NANCIE ATWELL, founder of the nonprofit Center for Teaching and Learning, is among 10 finalists for the “Nobel Prize of Teaching.”

NANCIE ATWELL, founder of the nonprofit Center for Teaching and Learning, is among 10 finalists for the “Nobel Prize of Teaching.”

EDGECOMB

An Edgecomb teacher and founder of the nonprofit Center for Teaching and Learning is among 10 finalists for the “Nobel Prize of Teaching,” the Varkey GEMS Foundation Global Teacher Prize, which includes a $1 million award.

Nancie Atwell will travel in March to Dubai to learn if she’s been selected for the award.

Atwell is one of only three U.S. educators to make the final 10, according to a release from the foundation. She joins Naomi Volain of Springfield Central High School in Springfield, Massachusetts, and Stephen Ritz at Public School 55 in Bronx, New York.

On Thursday, Atwell joined faculty and students at the Edgecomb school for “a huge party” during their morning meeting.

“I got roses, and there was a sheet cake with my global teacher prize engraved in the icing,” she said Friday morning. “And I got a million valentines!”

In January, Atwell learned that she was one of 50 finalists for the award, which recognizes qualities such as achievement in and out of the classroom, innovative and effective instructional practices, improving access to quality teaching and contributing to public debates on teaching, among others.

Atwell founded the K-8 school in 1990, using royalties from her first book, “In the Middle.”

Faculty at the school develop innovative, effective teaching methods and share them with educators who come from around the world to observe students learning standard subjects such as English, science, math and history.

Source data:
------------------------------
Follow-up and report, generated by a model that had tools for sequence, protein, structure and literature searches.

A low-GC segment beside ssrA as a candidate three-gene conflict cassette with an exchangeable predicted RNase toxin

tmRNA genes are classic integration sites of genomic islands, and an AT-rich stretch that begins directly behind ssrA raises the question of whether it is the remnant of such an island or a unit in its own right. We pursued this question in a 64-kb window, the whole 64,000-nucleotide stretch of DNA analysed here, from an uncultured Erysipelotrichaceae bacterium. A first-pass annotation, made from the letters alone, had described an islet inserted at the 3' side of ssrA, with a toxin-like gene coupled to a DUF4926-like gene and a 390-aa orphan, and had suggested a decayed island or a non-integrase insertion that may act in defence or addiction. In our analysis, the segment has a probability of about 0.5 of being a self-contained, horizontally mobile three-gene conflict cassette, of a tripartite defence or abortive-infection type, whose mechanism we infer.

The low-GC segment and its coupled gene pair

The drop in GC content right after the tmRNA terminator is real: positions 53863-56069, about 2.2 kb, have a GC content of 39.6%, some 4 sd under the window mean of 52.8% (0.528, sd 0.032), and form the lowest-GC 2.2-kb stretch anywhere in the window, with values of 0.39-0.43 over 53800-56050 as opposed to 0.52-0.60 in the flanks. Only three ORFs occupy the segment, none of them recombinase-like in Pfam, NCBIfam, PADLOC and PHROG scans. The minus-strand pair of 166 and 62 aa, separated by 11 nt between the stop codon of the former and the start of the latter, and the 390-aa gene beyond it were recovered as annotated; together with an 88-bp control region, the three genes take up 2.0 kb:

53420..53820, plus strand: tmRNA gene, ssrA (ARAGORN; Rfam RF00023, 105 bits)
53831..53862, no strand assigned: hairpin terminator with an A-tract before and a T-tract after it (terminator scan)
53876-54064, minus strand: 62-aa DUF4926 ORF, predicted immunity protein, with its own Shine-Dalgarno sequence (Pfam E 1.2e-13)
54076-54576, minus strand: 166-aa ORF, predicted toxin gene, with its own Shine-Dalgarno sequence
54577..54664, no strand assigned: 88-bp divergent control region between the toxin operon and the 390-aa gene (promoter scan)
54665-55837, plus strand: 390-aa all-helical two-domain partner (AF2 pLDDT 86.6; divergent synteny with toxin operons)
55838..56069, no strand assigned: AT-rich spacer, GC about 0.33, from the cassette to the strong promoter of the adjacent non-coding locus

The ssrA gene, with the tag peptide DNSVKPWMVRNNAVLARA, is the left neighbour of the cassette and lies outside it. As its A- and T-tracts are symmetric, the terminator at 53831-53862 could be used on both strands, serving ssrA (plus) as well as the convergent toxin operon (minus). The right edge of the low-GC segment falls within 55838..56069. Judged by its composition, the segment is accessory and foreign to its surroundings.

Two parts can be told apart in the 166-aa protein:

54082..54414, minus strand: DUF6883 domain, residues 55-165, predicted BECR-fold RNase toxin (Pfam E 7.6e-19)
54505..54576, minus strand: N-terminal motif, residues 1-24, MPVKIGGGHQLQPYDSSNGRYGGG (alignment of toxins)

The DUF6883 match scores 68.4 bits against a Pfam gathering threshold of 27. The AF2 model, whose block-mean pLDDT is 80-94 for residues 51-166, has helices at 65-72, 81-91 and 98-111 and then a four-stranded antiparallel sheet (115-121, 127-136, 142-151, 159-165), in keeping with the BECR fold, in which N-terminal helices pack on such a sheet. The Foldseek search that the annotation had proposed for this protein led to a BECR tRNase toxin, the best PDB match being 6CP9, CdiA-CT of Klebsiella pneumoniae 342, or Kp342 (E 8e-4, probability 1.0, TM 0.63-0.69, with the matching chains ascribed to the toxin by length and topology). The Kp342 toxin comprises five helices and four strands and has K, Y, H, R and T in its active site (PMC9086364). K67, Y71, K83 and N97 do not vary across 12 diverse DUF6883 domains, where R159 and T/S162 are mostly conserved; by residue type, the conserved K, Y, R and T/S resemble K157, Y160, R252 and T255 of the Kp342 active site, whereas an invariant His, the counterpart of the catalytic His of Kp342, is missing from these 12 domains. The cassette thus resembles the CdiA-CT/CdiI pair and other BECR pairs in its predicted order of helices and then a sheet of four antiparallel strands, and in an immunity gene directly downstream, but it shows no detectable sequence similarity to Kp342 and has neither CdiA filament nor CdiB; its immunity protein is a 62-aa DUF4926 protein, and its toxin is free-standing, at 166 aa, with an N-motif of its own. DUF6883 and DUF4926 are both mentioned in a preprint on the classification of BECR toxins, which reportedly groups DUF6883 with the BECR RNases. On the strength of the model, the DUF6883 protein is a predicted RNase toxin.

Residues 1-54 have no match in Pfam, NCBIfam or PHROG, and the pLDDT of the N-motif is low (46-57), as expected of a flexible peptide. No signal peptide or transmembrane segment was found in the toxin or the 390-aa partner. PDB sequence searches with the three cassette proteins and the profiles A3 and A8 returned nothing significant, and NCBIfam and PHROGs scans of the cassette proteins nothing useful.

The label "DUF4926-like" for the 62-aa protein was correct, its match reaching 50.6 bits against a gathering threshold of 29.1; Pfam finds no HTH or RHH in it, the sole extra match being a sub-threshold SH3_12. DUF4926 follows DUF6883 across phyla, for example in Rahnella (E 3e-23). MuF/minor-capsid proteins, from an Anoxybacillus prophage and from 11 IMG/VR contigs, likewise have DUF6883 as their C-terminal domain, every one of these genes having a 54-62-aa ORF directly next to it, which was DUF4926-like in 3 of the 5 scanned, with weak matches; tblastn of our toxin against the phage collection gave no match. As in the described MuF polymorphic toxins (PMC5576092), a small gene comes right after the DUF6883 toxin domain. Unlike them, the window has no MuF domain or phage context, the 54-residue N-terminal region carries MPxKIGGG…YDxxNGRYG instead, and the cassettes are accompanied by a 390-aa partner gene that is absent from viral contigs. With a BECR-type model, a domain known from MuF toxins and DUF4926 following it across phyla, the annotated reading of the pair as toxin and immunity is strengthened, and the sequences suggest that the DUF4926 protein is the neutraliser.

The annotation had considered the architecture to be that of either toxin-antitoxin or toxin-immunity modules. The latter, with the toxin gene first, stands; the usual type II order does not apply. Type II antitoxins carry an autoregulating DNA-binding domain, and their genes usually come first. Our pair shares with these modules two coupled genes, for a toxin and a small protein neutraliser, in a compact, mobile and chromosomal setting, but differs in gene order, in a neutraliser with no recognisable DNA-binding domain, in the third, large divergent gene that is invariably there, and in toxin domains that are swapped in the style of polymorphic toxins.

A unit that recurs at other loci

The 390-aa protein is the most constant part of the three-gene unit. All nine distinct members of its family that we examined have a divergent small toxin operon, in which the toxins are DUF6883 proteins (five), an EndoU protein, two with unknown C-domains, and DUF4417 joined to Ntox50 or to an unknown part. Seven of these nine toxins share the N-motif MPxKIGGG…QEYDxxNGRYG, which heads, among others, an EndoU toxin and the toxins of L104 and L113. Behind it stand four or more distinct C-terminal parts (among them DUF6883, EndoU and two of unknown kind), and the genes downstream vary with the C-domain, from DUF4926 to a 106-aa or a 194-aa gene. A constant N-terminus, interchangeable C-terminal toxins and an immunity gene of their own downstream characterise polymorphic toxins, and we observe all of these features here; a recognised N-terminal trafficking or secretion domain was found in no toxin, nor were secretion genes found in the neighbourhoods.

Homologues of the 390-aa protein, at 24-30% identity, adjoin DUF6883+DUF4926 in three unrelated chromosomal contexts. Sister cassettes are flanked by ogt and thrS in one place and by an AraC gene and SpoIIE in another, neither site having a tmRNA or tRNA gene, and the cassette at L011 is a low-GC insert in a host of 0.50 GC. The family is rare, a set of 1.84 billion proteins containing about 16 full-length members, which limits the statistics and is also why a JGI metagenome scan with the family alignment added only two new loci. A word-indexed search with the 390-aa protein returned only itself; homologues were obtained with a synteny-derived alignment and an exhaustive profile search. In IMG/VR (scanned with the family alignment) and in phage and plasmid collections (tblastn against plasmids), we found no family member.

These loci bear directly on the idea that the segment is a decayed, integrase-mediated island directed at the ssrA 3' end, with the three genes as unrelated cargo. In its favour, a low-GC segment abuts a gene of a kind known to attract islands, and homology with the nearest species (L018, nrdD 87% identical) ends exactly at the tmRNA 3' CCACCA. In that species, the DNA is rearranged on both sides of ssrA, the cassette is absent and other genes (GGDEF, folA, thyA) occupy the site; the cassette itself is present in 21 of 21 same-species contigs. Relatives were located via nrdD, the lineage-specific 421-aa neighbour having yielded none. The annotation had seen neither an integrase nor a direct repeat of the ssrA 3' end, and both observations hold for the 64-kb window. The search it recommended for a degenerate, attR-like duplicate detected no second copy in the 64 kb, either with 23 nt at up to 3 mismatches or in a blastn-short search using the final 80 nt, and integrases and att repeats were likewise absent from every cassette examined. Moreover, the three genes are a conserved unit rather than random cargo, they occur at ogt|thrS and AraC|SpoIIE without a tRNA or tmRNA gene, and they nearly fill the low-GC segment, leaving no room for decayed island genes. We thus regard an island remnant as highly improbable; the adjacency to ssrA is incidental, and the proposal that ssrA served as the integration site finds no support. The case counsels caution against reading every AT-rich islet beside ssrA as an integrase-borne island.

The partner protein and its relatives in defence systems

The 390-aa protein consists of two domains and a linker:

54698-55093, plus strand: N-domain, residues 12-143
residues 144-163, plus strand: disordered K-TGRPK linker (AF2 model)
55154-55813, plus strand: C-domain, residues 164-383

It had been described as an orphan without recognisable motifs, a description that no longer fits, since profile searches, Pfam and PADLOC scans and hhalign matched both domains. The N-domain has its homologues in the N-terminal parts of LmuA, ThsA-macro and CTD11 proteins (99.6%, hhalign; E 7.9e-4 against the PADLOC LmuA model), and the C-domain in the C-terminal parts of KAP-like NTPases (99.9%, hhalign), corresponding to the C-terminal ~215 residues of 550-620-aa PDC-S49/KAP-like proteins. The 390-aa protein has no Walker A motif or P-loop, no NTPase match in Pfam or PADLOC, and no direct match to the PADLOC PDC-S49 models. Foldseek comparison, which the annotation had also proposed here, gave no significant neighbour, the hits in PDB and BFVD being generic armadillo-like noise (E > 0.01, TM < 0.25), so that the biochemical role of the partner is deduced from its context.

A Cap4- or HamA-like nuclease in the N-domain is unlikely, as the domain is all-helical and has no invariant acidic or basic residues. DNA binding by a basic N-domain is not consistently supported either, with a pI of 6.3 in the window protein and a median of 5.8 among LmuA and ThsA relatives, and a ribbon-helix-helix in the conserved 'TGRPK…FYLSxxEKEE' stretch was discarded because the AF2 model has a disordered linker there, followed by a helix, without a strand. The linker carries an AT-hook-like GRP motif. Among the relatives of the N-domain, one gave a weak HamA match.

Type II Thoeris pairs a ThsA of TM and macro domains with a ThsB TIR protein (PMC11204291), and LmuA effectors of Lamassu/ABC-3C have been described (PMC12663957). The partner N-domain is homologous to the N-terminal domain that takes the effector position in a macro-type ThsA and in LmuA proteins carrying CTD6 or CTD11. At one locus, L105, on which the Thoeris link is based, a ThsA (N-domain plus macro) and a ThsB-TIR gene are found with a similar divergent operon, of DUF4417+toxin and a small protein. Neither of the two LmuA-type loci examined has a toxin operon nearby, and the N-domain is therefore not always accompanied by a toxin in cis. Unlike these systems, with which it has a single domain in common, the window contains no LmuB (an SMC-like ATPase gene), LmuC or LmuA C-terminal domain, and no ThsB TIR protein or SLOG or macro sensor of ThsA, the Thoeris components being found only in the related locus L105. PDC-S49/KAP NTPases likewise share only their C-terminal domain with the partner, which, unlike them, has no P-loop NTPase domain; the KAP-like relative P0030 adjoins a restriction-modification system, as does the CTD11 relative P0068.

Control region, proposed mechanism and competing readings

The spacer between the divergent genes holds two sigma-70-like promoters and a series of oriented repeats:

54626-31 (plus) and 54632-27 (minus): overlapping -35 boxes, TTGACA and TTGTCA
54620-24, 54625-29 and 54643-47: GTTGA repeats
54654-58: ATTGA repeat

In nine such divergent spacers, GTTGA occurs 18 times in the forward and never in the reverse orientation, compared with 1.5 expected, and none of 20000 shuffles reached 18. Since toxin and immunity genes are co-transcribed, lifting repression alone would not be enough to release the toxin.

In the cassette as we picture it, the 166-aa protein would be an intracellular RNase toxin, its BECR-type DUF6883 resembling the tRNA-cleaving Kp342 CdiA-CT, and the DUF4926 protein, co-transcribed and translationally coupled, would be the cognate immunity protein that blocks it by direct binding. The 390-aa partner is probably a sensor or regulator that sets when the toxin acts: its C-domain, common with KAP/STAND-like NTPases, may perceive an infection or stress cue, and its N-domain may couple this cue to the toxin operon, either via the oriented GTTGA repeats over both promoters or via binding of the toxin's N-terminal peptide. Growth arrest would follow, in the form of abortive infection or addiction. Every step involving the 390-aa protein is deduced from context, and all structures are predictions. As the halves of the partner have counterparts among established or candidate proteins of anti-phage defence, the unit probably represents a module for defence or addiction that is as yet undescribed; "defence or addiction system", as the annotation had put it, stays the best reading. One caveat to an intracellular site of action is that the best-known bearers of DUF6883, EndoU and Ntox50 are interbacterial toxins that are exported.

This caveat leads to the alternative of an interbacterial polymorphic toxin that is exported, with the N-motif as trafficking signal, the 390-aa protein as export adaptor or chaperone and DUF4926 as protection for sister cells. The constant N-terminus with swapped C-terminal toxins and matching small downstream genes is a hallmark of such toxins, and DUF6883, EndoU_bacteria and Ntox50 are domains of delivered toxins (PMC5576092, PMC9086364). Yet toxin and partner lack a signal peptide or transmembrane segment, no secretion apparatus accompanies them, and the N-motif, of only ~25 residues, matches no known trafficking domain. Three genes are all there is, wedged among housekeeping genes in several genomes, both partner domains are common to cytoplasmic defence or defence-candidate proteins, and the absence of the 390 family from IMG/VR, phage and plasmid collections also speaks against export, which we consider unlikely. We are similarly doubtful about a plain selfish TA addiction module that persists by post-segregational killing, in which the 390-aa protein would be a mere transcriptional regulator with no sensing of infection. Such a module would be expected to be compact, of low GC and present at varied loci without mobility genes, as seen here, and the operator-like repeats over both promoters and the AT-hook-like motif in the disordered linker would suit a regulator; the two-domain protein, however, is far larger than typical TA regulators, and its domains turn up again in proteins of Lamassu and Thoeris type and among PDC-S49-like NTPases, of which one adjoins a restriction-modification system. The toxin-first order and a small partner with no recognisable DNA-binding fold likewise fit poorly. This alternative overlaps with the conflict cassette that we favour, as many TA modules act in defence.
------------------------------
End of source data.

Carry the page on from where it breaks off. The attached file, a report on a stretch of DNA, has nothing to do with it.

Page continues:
“The whole purpose of this school is to give other teachers a place to see extraordinary teaching in action, to see innovation in action, and then to have a chance to go off and experience it,” Atwell said in January.

Atwell teaches an English writing-reading workshop, in which students choose the 40 books they will read each year and the topics they will write about producing an average of 20 pieces of publishable writing, according to the school.

Already the winner of two major research awards, Atwell was chosen as one of 50 finalists from among 5,000 nominations from 127 countries. In March, she and the nine other finalists will travel to Dubai to attend the Global Teacher Prize Academy, where a winner will be named on March 15.

Atwell said in January that if she wins, the money would return to the Center for Teaching and Learning to provide more scholarships for students and to buy books.

Thursday’s party at the Center for Teaching and Learning, Atwell said, “was less like a coronation and more like a celebration of the ethos here.”

“It feels like it’s a recognition of the school itself, and the feeling that … the world is noticing [that] this is the way we do things here.”

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